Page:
The timing worked for Joe Flacco. It didn't work for Mike Trout. And when it comes to contracts, timing is what matters.
Thus a guy such as Flacco can become the NFL's highest-paid player. Which, of course, reminds us that the highest-paid player does not equate to being the best player. If it did, then contracts routinely would have it wrong. Adam Archuleta once was the NFL's highest paid safety; he was never considered the best one -- but it did make him the biggest bust.
Nobody in their right mind would suggest Flacco is the best player. Or even the best quarterback. He's not even in the top five. But here's what matters: He was a free agent coming off a Super Bowl triumph with a flawless postseason. Oh, and the Ravens had no alternative if they lost Flacco. So the price tag went up. Kudos to him. It's how the market works.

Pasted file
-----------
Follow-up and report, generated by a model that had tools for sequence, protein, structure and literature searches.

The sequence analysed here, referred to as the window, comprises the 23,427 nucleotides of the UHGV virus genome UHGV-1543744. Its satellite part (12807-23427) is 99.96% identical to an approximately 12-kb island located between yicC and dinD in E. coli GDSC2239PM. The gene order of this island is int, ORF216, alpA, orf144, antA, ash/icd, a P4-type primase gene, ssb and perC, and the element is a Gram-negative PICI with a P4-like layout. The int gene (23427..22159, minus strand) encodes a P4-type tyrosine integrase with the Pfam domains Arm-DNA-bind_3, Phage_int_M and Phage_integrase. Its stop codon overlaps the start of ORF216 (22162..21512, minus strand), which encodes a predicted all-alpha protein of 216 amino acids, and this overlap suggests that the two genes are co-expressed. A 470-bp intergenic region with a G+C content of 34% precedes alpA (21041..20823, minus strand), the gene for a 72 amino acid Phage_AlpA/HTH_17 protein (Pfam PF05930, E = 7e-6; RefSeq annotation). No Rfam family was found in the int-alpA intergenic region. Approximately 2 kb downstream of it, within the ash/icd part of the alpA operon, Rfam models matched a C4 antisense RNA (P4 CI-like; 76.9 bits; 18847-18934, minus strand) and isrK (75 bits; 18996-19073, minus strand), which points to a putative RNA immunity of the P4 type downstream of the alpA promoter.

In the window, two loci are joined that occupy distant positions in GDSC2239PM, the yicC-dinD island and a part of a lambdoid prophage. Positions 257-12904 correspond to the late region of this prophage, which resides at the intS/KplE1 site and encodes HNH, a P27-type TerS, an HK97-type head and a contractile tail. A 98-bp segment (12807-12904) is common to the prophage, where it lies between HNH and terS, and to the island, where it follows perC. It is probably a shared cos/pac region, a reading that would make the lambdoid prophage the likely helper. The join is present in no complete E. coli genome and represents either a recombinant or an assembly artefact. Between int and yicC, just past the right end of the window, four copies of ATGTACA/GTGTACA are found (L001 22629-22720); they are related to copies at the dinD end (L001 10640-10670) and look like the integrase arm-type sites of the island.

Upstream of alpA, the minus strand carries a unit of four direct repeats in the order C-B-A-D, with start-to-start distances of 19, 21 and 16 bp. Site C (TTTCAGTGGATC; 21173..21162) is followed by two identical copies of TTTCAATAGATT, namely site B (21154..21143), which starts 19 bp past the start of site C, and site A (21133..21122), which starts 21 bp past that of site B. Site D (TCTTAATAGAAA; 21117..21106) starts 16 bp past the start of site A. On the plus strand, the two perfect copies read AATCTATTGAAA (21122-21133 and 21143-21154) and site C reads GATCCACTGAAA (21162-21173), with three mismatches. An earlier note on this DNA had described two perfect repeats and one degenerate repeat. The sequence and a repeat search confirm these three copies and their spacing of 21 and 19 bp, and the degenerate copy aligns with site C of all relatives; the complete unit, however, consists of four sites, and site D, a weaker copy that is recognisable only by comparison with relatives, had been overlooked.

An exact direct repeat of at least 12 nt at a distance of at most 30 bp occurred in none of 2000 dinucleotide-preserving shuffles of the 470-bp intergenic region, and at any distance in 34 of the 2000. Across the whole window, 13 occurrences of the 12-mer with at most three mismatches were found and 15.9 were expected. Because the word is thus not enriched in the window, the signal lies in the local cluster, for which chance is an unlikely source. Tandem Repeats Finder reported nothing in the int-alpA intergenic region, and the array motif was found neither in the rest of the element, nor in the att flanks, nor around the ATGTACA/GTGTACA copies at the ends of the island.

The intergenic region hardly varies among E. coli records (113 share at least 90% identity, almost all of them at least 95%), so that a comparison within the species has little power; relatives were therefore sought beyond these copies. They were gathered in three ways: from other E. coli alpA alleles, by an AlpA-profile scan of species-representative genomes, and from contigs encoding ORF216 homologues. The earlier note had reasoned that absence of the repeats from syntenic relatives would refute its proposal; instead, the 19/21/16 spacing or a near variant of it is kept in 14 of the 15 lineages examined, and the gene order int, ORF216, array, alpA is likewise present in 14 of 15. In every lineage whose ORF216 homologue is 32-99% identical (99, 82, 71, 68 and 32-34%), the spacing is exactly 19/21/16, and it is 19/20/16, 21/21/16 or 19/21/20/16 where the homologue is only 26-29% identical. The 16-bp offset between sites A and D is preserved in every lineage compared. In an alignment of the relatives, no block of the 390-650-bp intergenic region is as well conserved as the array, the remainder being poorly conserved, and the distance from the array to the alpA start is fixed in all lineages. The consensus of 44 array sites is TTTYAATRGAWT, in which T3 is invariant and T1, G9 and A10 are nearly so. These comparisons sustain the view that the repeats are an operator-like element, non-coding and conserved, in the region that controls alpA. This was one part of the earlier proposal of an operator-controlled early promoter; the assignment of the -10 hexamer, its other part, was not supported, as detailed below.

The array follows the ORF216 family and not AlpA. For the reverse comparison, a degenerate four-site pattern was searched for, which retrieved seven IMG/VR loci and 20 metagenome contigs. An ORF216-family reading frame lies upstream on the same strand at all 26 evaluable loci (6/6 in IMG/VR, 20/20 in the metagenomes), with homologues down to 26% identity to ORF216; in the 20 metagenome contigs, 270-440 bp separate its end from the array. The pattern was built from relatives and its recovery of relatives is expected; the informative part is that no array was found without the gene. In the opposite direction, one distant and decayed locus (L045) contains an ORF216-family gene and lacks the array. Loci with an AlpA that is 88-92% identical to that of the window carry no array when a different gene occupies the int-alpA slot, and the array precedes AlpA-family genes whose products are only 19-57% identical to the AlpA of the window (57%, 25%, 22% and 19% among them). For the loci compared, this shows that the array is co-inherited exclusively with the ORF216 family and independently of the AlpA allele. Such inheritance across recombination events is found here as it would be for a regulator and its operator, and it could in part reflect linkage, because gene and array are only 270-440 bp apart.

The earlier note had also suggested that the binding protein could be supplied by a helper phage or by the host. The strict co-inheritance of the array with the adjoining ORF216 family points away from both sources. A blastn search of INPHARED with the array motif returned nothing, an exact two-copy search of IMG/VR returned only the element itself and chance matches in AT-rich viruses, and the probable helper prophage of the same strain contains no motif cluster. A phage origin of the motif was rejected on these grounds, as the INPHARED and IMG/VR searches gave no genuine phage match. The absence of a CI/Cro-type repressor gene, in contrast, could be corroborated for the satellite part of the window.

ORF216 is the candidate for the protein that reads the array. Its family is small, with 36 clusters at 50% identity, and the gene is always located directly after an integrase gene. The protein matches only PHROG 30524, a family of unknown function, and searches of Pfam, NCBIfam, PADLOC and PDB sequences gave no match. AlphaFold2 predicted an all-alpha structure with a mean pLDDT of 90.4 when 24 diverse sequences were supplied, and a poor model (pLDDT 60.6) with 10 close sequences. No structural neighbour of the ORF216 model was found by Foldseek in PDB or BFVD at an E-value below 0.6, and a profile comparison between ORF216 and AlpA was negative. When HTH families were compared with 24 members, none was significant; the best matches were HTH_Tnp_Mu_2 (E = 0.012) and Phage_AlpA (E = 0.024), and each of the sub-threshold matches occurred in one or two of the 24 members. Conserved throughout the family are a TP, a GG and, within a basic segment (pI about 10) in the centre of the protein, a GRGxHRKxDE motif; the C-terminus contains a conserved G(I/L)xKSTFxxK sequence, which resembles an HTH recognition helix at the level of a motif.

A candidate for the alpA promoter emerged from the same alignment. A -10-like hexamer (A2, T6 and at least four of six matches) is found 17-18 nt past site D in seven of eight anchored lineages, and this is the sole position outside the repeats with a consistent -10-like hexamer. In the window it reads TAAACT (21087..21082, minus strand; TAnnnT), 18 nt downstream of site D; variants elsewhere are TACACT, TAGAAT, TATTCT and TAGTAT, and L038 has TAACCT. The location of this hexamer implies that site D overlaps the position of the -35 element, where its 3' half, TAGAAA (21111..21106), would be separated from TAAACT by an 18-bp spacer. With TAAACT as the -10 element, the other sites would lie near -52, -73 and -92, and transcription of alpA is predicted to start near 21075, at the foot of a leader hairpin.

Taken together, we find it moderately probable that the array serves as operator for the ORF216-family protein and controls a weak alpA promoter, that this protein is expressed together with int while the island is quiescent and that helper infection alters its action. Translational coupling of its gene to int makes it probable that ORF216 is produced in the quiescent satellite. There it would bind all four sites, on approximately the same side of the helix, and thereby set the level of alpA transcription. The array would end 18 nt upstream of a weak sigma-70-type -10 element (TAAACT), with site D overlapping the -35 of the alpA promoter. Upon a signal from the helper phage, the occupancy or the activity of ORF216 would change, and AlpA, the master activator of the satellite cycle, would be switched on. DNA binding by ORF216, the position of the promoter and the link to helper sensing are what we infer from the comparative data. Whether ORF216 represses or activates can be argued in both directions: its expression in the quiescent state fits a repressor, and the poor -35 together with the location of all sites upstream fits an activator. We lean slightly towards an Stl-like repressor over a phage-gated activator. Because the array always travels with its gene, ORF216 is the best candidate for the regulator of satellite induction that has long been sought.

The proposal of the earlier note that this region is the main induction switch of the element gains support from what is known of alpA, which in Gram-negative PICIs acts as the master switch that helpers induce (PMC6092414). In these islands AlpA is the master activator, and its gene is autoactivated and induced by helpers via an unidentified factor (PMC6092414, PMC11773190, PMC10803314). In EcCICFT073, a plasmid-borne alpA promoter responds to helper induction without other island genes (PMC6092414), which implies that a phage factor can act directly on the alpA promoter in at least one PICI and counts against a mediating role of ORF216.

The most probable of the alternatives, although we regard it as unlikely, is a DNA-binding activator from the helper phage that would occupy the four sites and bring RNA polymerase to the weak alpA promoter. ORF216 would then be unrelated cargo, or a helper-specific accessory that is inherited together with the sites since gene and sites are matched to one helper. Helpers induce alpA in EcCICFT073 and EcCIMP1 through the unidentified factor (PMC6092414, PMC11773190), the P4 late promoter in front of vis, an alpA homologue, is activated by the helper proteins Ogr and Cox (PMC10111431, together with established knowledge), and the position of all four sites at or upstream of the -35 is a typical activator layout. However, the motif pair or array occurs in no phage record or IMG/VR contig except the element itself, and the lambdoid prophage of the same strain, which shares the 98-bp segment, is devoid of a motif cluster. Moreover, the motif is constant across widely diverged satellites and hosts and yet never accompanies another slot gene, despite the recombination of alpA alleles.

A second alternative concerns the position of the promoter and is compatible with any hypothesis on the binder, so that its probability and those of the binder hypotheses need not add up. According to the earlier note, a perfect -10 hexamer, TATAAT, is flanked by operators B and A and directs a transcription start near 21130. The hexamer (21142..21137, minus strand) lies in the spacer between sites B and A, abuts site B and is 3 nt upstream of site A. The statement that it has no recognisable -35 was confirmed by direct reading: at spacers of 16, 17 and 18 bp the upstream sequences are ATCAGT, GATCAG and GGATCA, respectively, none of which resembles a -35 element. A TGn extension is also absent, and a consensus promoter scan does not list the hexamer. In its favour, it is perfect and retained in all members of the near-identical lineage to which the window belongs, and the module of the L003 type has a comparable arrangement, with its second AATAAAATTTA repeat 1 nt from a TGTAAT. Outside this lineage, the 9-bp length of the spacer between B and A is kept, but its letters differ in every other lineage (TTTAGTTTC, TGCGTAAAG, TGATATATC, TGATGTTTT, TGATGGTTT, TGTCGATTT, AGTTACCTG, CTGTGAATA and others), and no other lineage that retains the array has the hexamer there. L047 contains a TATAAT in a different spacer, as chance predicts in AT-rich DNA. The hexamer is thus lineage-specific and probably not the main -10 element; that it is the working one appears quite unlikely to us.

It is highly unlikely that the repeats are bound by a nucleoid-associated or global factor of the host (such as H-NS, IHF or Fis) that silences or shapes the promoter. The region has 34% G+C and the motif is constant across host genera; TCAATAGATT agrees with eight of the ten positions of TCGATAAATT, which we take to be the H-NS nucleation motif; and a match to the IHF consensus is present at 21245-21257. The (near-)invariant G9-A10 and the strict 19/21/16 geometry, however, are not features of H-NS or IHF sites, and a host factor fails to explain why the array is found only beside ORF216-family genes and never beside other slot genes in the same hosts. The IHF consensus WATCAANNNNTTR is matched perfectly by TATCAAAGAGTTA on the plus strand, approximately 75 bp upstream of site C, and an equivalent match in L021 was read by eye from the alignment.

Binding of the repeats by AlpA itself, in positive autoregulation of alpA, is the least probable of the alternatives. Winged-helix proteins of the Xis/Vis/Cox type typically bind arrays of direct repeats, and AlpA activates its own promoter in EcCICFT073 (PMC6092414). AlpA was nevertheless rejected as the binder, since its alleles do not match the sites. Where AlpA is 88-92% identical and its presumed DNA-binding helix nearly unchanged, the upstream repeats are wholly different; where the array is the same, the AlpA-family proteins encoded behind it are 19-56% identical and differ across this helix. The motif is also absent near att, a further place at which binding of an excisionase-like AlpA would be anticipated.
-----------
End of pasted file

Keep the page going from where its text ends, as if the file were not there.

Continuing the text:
As for Trout, the Los Angeles Angels outfielder has less than three years of major league service. So unlike Flacco, he has no leverage. When he couldn't agree on a contract extension, the Angels gave him a $20,000 raise to $510,000. That's attractive to the average worker; it's a surprising move by a baseball team that should want to keep a 21-year-old near-MVP happy. By comparison, Washington's Bryce Harper, a great talent but without Trout's numbers, will make $750,000 this year.
But there's little doubt one day Trout will receive a huge contract. The timing, for now, is just a little off.
- John Keim